3.

How Do Inclusion Conjunctivitis and Trachoma Differ From One Another?

Both trachoma and inclusion conjunctivitis are conditions including the inflammation of the conjunctiva and is caused by Chlamydia trachomatis. However, adult and neonatal inclusion conjunctivitis are caused by the sexually transmitted strains of the organism, serovars B or Ba, D through K, Da, Ia, Ja, Ka, L1, L2, L2a, and L3. In contrast, trachoma is primarily caused by serovars A, B, Ba, and C.

4.

Is Conjunctivitis a Chlamydial Infection?

Although it most frequently affects the genital region, chlamydia can also affect the eyes. Conjunctivitis (pink eye) can develop when chlamydia affects the eye. Chlamydial conjunctivitis is commonly  used to describe this condition (or inclusion conjunctivitis). Antibiotics applied topically or orally can be used to treat chlamydial conjunctivitis.

5.

What Causes Chlamydia In The Eyes?

Chlamydia infections are most frequent in the genital region but can also happen in uncommon locations like the anus, throat, and eyes. It can spread to the eyes through direct or indirect contact with the bacteria. For instance, if one touches the eye without first washing their hands, the infection could spread from the genitalia to the eye. If one has chlamydial conjunctivitis, they should seek medical attention immediately because it can cause blindness if left untreated. However, it is manageable, and prompt treatment will help cure the infection and avoid complications.

6.

What Is Inclusion Conjunctivitis?

Inclusion conjunctivitis is caused by C. trachomatis, which gets its name from the tiny bodies seen inside ("included in") the infected cells. Newborns and adults can contract the infection, newborns contract the infection while passing through the birth canal, and sexually active adults who frequently acquire gonorrheal infections are susceptible to this disease. Antibiotic treatment is usually adequate.

7.

Is Trachoma the Same As the Pink Eye?

Trachoma is a type of conjunctivitis (pink eye), while conjunctivitis generally refers to any inflammatory change affecting the conjunctiva. Chlamydia trachomatis causes trachoma, chronic conjunctivitis that is marked by progressive exacerbations and remissions. Conjunctival hyperemia, edema of the eyelids, photophobia, and lacrimation are the initial symptoms.

8.

Is Azithromycin Effective Against Eye Chlamydia?

Eye infections like chlamydial conjunctivitis are treated with azithromycin ophthalmic (eye) solution. Azithromycin belongs to the macrolide antibiotics group of medications. It works by eradicating the conjunctivitis-causing bacteria. Most cases resolve within a few weeks, but following the antibiotic prescription's full dosage instructions is crucial if one wants the infection to recover fully. In addition, a person’s sexual partner(s) should also be treated if they have chlamydia or chlamydial conjunctivitis to stop the disease from spreading further.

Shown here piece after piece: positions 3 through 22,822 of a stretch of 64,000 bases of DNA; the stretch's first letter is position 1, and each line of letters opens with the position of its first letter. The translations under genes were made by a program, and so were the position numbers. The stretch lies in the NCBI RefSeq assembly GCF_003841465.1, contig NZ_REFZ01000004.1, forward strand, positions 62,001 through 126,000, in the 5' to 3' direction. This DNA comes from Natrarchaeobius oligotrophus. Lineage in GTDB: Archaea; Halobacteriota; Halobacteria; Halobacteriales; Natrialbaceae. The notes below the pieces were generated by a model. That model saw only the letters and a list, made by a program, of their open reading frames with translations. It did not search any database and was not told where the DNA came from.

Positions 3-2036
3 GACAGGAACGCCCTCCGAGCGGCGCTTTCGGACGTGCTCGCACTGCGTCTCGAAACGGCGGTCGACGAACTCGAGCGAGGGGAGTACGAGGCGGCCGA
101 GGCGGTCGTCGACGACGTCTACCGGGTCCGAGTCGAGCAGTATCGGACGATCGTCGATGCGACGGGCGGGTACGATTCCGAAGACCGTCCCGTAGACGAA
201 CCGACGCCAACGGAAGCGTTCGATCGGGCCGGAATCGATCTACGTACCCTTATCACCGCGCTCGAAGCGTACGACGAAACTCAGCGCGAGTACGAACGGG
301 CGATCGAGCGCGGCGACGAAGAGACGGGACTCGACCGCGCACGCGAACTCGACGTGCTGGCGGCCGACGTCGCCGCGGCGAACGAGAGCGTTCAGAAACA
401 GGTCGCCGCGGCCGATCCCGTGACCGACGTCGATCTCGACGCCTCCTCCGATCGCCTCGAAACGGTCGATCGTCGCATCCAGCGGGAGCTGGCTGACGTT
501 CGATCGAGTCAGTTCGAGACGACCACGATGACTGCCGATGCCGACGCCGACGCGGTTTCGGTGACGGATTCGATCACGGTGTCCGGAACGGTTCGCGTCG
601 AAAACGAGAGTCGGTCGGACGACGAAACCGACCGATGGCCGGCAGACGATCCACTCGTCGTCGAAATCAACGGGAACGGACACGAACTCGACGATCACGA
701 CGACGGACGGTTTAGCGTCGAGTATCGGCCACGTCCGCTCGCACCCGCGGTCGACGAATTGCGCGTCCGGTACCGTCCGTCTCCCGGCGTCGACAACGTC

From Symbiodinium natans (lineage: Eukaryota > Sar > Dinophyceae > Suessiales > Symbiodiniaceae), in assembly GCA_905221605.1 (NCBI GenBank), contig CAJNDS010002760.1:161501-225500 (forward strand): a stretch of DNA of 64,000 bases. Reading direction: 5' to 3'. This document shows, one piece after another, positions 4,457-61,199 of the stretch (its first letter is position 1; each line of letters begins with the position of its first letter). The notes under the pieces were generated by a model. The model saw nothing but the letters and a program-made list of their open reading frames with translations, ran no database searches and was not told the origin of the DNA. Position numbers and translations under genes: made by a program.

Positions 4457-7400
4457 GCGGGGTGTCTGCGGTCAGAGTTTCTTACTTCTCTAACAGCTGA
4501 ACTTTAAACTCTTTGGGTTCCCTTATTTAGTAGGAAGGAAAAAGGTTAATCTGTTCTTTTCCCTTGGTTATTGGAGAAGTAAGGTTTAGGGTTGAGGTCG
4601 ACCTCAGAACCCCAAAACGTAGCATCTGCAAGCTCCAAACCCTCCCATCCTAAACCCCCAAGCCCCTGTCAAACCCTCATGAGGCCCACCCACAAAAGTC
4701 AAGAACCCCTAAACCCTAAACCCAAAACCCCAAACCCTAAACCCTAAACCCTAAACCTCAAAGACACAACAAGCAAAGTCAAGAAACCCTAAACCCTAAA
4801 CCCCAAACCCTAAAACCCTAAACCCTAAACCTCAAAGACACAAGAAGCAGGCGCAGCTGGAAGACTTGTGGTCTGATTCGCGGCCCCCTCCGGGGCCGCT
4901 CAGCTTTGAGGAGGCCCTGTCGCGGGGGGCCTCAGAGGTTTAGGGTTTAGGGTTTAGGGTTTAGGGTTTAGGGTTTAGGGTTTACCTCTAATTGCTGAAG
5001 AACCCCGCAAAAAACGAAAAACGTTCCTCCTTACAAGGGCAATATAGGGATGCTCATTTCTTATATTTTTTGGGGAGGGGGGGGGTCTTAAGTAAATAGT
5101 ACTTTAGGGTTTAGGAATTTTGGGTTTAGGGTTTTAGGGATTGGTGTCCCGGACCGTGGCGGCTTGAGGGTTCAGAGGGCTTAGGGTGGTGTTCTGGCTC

9.

How Long Can One Have Chlamydia and Not Know It?

Chlamydia could stay dormant in the body for years with no signs of infection. In some cases, symptoms start to show two to fourteen days after the infection. However, some individuals, particularly men, might have had chlamydia for years without being aware of it. Chlamydia is typically painless and asymptomatic in both men and women, which makes it very contagious.

10.

Is Trachoma a Sexually Transmitted Condition?

Although some subtypes of Chlamydia trachomatis, the bacterium that can also cause the sexually transmitted infection chlamydia, are responsible for trachoma. Trachoma is contracted by coming into contact with an infected person's discharge from the eyes or nose. Infected individuals' nasal or ocular discharge spreads the bacteria to others through the use of eye-seeking flies, contaminated hands, or contaminated objects like clothes. In addition, trachoma is associated with poor socioeconomic conditions, including a lack of safe drinking water, poor environmental sanitation, and poor personal hygiene.

11.

What Is the Incubation Period for Chlamydia in the Eye?

Chlamydia infections in the eyes can happen through oral or genital contact with the eyes, but this is uncommon. However, even those who have previously had the infection and successfully treated it are susceptible to contracting chlamydia. Usually, infected genital secretions are spread from hand to eye to spread the disease. It takes one to two weeks for the symptoms to appear.

12.

What Does the Urine of Chlamydia Infected Look Like?

The symptoms of chlamydia bacteria frequently resemble those of cervicitis or a urinary tract infection (UTI). In women, the vagina may produce a white, yellow, or gray discharge that may smell, and pus in the urine (pyuria) may also be observed. Chlamydia can lead to urethritis in men. This urethral swelling could result in blood in the urine.
Dr. Shikha Gupta
Dr. Shikha Gupta

Ophthalmology (Eye Care)